I'll zero up the count, it downloads a file and then it calls publish progress. So the
way that asyncTask works is that you see how you start it down at the bottom? You make
a new download files task. So asyncTask is an abstract class so you have to extend it.
So you make a new one of those things and when you call the execute method, it goes
and calls the doing background method and it takes care of setting up the other thread
and starting it and all that stuff for you. So when you call the publish progress method,
that goes and calls the on progress update method but it calls it in the UI thread, okay?
So it takes care of maneuvering things back and forth between the threads. So in the on
progress update method, he is just--I don't know, updating a progress bar or, you know,
showing a number or something to the user on the screen. And to do that, you have to
be in the UI thread. So getting the messages back and forth between the threads can be
tricky and this just does all that. It's also got some other handy methods. It's gotten
on pre-execute and in on post-execute and so on so it takes care of all the book-keeping
for you and I totally recommend it. You know, to do that, using naked thread messages and
so on, you probably will be looking at three or four screen-full of code with lots of chances
to make silly errors and this just takes care of it. Was there anything else I was going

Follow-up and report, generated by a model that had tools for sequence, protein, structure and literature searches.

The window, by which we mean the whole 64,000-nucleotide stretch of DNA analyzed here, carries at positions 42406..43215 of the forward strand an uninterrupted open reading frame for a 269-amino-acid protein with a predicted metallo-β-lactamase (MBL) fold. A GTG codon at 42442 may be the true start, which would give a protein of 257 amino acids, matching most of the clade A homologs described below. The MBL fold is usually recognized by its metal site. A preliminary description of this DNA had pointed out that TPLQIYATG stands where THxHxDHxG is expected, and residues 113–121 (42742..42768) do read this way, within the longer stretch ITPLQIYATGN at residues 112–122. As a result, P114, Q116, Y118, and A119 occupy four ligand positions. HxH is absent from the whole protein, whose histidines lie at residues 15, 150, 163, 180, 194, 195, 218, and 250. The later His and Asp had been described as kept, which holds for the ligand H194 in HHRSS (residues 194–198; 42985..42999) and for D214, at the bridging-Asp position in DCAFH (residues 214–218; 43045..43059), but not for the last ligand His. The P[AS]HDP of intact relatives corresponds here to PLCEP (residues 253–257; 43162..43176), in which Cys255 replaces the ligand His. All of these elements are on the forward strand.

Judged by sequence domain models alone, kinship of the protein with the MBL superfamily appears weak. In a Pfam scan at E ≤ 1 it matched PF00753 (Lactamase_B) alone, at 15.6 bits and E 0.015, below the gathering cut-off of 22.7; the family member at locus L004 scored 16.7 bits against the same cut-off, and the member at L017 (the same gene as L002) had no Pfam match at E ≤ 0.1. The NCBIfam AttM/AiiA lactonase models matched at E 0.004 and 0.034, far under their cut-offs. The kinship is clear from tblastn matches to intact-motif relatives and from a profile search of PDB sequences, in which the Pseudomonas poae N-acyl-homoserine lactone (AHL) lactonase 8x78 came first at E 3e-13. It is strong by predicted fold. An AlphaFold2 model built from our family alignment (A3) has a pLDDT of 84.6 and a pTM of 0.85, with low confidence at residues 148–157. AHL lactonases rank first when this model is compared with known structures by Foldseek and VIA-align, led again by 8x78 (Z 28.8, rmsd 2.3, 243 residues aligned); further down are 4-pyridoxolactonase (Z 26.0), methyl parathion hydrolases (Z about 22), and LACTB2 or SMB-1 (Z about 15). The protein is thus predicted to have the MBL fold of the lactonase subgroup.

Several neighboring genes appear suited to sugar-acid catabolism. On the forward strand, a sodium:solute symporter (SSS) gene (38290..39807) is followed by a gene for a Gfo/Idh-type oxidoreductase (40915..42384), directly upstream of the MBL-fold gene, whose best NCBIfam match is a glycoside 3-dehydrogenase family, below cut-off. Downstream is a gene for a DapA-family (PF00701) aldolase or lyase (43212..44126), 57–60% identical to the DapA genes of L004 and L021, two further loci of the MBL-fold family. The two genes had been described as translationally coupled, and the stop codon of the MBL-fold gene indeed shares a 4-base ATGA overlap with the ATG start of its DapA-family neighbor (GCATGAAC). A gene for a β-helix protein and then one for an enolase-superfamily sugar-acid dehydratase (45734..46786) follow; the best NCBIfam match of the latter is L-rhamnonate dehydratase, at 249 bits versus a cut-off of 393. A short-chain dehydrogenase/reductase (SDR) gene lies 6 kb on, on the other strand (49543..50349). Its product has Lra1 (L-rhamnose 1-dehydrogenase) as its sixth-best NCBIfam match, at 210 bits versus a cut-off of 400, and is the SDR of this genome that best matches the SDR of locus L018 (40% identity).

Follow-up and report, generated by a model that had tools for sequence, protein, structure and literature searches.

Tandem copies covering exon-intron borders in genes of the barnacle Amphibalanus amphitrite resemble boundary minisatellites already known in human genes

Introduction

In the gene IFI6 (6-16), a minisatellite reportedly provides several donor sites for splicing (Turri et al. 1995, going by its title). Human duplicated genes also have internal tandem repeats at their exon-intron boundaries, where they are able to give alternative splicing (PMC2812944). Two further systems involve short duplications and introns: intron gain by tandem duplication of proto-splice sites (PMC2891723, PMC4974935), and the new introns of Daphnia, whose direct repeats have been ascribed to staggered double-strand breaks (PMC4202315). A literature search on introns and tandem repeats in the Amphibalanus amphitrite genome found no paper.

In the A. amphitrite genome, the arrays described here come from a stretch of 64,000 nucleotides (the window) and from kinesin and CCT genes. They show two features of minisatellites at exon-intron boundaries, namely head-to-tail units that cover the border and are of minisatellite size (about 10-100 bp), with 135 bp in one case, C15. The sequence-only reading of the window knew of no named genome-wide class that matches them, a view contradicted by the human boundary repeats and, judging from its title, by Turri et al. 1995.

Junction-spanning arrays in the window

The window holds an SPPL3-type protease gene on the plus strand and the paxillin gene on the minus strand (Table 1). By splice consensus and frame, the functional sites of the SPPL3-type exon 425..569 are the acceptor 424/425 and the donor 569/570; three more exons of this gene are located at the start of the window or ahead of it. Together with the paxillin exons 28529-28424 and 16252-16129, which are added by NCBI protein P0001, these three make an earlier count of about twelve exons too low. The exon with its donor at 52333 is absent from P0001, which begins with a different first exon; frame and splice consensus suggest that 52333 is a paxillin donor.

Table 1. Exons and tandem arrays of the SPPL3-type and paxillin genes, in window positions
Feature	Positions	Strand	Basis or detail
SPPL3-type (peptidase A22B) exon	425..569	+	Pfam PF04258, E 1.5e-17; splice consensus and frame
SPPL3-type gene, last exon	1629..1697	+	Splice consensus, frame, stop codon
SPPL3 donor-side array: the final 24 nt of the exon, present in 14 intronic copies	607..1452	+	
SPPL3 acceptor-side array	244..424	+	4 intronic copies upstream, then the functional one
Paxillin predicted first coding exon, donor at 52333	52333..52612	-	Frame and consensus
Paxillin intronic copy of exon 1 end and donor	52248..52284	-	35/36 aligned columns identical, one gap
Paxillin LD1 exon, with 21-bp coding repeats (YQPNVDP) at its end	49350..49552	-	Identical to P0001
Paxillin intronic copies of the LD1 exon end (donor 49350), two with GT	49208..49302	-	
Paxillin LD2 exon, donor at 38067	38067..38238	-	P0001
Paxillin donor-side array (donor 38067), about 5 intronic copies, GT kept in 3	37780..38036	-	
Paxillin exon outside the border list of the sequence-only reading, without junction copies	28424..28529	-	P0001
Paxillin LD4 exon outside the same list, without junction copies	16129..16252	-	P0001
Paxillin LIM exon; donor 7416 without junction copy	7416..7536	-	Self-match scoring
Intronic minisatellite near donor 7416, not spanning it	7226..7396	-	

to say? No. So this is very handy. Now, in this particular example, he's doing something
that the user probably wants to be informed about. You know, the user said, download these
files, so the user's willing to wait, will it download? So, we're going up in the bound
and informing him, and if he loses his patience and just, you know, hits the home key to go
to some other application, that's fine, it will keep running in the background and everything
will be just fine. But there's some cases where you don't really care about what's happening.
So this is what's called "fire and forget" mode and this is from the Android Browser.
Now, whenever I go to a new page in the browser it has to update my browsing history so that
I can use, you know, the back button and things like that. But the user doesn't care. The
user doesn't want to be informed that I'm updating the browser history, that's just
a complete background task. So in this case, he is not doing any progress updating or anything,
he's just, you know, making a new asyncTask right there on the fly and calling its doing
background method and there you go. So we call that fire and forget mode. It's off in
the background. I don't care about it, just do it, finish it, come back. So that works
just fine but it's got one problem. Now, let me just talk a little bit more about asyncTask,
yeah. So there are few things you got to be careful about with asyncTask. You can't call
it recursively, right? You can't launch an asyncTask and then have that asyncTask go